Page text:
The prevalence of obesity is rapidly increasing worldwide, constituting an important health issue. Obesity is the result of a positive imbalance between energy intake and energy expenditure over a long period and is related to the development of other disorders such as diabetes, dyslipaemia and CVD. Obesity is also associated with complications during pregnancy and at delivery for women and with increased health risks in newborns(Reference Ehrenberg, Durnwald and Catalano1–Reference Jain, Denk and Kruse3).
There are several genetic and environmental factors, such as diet, cultural behaviour and socio-economic status, that influence obesity(Reference Hill and Trowbridge4, Reference Jouret, Ahluwalia and Cristini5). In addition, recent reports suggest that the nature and composition of the intestinal microbiota are altered in obesity(Reference Ley, Turnbaugh and Klein6, Reference Turnbaugh, Ley and Mahowald7). Lean individuals have more Bacteroidetes, while obese individuals have more Firmicutes, including Clostridium clusters, in their intestinal microbiota(Reference Ley, Turnbaugh and Klein6, Reference Turnbaugh, Ley and Mahowald7). It has been proposed that such bacterial composition improves the ability of the host to extract energy from the diet and to store this energy in the adipose tissue(Reference Turnbaugh, Ley and Mahowald7). The gut microbiota has also been related to body weight and body-weight loss under a lifestyle intervention in human subjects(Reference Nadal, Santacruz and Marcos8, Reference Santacruz, Marcos and Wärnberg9). Although obesity is an important health issue during pregnancy, the relationships between the gut microbiota composition and obesity have been scarcely studied in pregnant women(Reference Collado, Laitinen and Isolauri10).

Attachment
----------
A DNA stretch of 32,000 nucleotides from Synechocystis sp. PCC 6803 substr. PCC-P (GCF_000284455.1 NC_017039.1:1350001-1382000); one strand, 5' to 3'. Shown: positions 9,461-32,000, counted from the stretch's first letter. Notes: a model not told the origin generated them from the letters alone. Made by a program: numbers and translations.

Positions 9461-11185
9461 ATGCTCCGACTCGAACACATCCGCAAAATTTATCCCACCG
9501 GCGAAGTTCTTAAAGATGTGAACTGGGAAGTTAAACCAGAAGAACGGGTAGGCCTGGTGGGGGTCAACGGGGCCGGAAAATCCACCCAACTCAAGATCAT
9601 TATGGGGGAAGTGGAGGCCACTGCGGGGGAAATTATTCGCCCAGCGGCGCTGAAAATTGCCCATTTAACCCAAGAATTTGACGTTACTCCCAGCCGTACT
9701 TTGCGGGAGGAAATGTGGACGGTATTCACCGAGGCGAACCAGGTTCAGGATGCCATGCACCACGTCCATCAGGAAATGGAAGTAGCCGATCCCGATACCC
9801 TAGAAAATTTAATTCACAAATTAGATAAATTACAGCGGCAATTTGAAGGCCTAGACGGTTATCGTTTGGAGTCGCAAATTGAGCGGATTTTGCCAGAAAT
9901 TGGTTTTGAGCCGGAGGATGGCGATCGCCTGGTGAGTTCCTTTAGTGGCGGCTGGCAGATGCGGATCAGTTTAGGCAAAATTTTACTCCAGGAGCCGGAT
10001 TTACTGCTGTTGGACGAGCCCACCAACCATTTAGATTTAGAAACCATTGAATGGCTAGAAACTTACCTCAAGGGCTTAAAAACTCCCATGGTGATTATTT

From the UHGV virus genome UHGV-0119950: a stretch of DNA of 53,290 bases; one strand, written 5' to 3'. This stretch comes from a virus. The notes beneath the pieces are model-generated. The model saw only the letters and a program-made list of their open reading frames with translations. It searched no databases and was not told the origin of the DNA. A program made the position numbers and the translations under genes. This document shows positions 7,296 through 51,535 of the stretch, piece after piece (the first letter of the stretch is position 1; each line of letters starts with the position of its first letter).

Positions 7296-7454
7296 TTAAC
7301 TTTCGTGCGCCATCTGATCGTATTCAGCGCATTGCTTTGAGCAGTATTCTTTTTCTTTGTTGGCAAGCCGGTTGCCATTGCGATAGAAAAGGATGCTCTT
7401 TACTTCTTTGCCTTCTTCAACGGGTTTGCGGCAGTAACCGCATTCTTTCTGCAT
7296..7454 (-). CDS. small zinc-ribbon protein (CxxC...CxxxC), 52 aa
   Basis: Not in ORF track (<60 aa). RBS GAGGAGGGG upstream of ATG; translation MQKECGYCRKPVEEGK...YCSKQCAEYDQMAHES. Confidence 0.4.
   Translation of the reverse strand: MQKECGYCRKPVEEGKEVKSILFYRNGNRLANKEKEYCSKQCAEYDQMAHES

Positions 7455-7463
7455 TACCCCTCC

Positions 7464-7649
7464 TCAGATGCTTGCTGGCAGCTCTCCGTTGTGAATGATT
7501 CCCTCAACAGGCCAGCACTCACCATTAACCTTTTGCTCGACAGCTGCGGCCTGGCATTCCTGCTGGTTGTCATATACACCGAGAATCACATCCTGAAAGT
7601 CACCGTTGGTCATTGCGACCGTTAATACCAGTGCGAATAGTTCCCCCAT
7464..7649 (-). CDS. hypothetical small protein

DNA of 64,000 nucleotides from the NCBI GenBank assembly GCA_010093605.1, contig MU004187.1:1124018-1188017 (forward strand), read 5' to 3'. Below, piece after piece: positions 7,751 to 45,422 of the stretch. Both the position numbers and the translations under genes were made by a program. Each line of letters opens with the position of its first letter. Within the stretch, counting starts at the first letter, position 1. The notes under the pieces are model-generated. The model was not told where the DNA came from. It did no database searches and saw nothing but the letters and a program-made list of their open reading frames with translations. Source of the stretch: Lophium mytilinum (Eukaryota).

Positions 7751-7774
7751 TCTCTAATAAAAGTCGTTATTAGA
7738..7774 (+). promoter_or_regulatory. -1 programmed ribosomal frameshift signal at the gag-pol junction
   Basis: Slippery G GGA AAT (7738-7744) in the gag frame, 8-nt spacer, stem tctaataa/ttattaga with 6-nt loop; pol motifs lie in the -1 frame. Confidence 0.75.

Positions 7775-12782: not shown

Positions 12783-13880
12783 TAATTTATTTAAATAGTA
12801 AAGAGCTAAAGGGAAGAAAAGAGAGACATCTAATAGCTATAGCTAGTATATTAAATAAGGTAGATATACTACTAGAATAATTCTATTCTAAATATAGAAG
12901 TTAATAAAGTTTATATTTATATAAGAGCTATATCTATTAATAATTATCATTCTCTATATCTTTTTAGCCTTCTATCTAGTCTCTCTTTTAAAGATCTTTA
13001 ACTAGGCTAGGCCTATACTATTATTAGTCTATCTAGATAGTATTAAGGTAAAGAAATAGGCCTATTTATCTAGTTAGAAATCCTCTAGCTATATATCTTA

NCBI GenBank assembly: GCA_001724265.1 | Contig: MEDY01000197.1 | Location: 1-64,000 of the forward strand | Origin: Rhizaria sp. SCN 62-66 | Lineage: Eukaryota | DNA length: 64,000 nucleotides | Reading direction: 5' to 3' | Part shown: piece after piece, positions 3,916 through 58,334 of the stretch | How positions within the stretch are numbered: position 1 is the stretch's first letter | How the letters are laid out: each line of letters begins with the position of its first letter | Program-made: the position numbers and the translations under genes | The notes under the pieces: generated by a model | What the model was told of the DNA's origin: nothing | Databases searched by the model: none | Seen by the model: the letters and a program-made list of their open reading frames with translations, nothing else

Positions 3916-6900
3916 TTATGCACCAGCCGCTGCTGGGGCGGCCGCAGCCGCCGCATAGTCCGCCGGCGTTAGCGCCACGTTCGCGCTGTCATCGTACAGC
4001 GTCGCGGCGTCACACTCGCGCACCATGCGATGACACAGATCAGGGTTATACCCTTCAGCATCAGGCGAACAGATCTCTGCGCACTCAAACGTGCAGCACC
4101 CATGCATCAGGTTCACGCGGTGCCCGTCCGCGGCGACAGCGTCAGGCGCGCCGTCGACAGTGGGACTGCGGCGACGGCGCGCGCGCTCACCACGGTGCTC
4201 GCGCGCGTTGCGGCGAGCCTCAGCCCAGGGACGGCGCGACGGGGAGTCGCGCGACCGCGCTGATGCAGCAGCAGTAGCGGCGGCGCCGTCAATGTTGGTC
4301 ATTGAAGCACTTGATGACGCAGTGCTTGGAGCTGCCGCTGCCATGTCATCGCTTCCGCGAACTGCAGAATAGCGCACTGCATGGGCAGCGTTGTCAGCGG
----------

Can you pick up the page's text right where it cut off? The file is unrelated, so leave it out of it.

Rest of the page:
The aim of the present study was to analyse the microbiota composition of pregnant women and establish its possible relationships with body weight, weight gain and biochemical parameters to progress in the understanding of the role of the microbiota in the health status of pregnant women.